Trustee and co-spokesman
[link to other spokesman - Bruce Mason]
"The Department of Conservation is acutely sensitive to criticism that it is too hard line, not flexible enough, wants to "lock everything up", and is a poor neighbour. In my view DOC is silly to think that it can be all things to all people; its priorities must be with conservation and recreational needs".
on water margins and covenants
"Wetlands and the margins of rivers and lakes should be better protected. Some people -- not too many I believe -- think that private owners will quite happily and responsibly attend to these matters, I don't. Some promote the idea of covenants. Covenant is a word with a nice ring to it, but I'm not convinced that this approach will work. Covenants can be amended or extinguished in secret without any public input".
on PANZ, truth and the news media
"Bodies lobbying on behalf of 'private interests' have managed to persuade a substantial number of media staff that PANZ (is) too radical. (A prominent journalist advised that) although it was clear that we had been speaking the truth for the last three years or more, our timing had been wrong. What we've been saying, he said, is okay now that others have at last cottoned on. In other words the truth is of lesser or little importance; it's who says what, when, and how you say it that counts most".
"What our opponents don't like about us is that we are committed to resist private predation of the public estate. We don't mealy-mouth; we ask for public consultation and open debate. Our opponents are loath to come out into the open, to come clean".
"PANZ doesn't think it's supporters want us to mealy-mouth, kowtow, cower. Every year we make dozens of detailed, well researched and reasonable proposals. We examine legislation; we try to uncover the truth".
on the Treaty
"Much is made these days of preferred interpretations of Article 2 of the Treaty of Waitangi, and of what is meant -- or was intended to be meant -- by it. There is also much talk of what is meant by reference to the "principles of the treaty".
"I have heard it said that the meaning of the "principles" is what Maori advocates say it means in any given circumstance and that's it. Certainly this is an area of profound disquiet".
"There is also, in my view, a marked disinclination to refer to Articles 1 and 3 of the treaty, to consider them and their importance in determining the meaning and application of the treaty as a whole. It will be remembered that in Article 1 Maoris ceded sovereignty "absolutely and without reservation".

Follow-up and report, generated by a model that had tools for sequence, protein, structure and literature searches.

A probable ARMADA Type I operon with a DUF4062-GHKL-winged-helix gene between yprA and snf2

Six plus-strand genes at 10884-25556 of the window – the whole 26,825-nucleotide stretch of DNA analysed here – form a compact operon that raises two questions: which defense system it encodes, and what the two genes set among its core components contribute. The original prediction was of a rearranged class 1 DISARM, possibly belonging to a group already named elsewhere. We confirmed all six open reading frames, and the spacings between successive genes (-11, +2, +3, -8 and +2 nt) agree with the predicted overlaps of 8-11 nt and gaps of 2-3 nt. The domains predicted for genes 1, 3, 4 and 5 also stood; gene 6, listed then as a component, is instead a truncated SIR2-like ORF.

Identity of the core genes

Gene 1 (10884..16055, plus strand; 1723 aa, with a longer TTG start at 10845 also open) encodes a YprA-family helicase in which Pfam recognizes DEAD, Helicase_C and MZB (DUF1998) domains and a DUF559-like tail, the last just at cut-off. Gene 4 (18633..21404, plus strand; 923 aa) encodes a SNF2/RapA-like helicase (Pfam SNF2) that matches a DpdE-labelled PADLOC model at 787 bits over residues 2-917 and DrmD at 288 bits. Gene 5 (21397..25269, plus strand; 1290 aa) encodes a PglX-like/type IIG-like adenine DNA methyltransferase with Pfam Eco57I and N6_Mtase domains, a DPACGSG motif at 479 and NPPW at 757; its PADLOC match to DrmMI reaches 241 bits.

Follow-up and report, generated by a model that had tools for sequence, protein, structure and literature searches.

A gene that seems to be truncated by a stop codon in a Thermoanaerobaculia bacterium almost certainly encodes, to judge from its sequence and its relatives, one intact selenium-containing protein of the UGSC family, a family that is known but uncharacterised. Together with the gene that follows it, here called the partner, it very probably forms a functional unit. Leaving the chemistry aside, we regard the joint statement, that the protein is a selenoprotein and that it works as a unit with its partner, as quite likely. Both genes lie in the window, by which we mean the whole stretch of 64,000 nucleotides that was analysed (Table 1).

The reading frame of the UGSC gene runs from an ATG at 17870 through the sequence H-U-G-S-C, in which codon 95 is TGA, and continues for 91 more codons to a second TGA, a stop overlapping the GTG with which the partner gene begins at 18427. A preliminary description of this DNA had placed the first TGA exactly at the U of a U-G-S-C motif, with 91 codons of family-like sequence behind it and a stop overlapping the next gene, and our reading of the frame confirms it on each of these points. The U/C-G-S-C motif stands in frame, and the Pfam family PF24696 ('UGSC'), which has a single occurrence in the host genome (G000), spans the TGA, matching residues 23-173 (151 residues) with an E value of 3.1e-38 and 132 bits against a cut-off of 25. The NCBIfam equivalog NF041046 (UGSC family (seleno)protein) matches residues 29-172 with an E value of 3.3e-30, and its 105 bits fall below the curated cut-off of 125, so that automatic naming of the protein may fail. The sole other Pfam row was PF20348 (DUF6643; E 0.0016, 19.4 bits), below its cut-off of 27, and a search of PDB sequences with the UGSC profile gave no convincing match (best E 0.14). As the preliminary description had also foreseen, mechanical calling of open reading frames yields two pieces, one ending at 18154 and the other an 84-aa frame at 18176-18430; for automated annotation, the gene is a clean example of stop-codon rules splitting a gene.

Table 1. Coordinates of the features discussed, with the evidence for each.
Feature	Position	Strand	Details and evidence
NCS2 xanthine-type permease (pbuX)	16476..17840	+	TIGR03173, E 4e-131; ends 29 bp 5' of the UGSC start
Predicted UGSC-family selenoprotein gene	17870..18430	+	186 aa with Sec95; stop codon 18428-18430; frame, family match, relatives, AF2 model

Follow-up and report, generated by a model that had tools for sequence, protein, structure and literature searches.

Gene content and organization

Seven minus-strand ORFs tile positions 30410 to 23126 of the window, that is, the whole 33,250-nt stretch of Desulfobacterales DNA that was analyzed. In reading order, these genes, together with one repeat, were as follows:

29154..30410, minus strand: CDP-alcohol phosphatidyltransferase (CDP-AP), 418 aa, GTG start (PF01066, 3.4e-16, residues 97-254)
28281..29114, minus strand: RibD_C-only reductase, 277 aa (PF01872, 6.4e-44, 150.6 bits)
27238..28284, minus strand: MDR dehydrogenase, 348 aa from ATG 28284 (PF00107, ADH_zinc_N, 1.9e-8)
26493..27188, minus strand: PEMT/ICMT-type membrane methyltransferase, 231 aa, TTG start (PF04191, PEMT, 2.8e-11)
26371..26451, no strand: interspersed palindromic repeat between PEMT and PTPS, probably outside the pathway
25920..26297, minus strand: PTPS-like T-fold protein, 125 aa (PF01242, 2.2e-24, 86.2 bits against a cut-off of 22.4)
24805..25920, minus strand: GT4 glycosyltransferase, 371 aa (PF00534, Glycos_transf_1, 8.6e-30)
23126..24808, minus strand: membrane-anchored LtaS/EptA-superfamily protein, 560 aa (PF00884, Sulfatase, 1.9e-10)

on race and conservation
"The Minister of Treaty Settlements, Doug Graham, has been working very hard to accommodate Ngai Tahu's wishes in respect to specific provisions relating to what he and they term "customary rights".
"Running through the whole issue is an implied assertion that Maoris are supreme and superior conservationists, have a deeper understanding of the natural world and values inherent in it, and that pakehas are crasser by comparison".
"It would be fairer to say that both races have a record of being seriously, even ruthlessly exploitative of natural resources at times, and that today a growing number of both Maoris and pakehas are coming round to acknowledging the error of some of their previous ways".
on cultural insensitivity
"Some Maori are scornful of those non Maori who see the natural world as having aesthetic appeal and spiritual taonga and everything in it as intrinsically valuable".
"Those of us who object to Maori claims to the Greenstone and Caples (Valleys), for instance, and say that before the government should consider handing over such lands to any private interest groups, claimants should have to prove that the lands were nicked in the first place, are accused of being racist".
"It's long past time that those who bleat about cultural sensitivity showed more of it themselves. The moral high ground is a knife edge".
on history and the present
"As human beings we are often reminded that we ought to revise our thinking in accordance with what, given the lessons to be drawn from history, seems sensible and desirable. Attempts to graft or enforce the thinking of earlier times on to subsequent, increasingly distant generations grate and often fail, for good reason".
"Decisions on allocation of and access to natural resources that are based on a sense of guilt, are driven by aggrievement or moral outrage, will never be readily accepted".
"Perhaps Maori and non-Maori alike should stop wrangling over who did what, when, and to whom, in the past. Say, "Look, we're sorry, but every race and community has, and has had, its ratbags, so let's get on and try to do better from now on."
Brian Turner was born in Dunedin, NZ in 1944. He is a poet and a freelance journalist, editor and writer. His first book of poems Ladders of Rain (1978) won the Commonwealth Poetry Prize. This was followed by a number of highly-acclaimed poetry collections and award-winning writing in a wide range of genres including journalism, biography, memoir (Somebodies and Nobodies 2002) and sports writing.
In 1984 he was Robert Burns Fellow at the University of Otago and in 1997 he was writer in residence at the University of Canterbury. His most recent collection of poetry Taking Off was published by Victoria University Press in 2001 and made the final three in the Poetry category of the 2002 Montana NZ Book Awards.
'Beneath the wit, the no-nonsense honesty, the rigorous clarity of sense and the sinewy rhythmic energy of the poems' surfaces runs the craft of a sophisticated, confident and well-read poet.' -Oxford Companion
He lives in Central Otago, NZ.
One of his poems "Semi-Kiwi" was selected for the online collection Best NZ Poems 2001.
Brian Turner was named as the Te Mata New Zealand Poet Laureate 2003.
Source: New Zealand Literature File
Te Mata Poet Laureate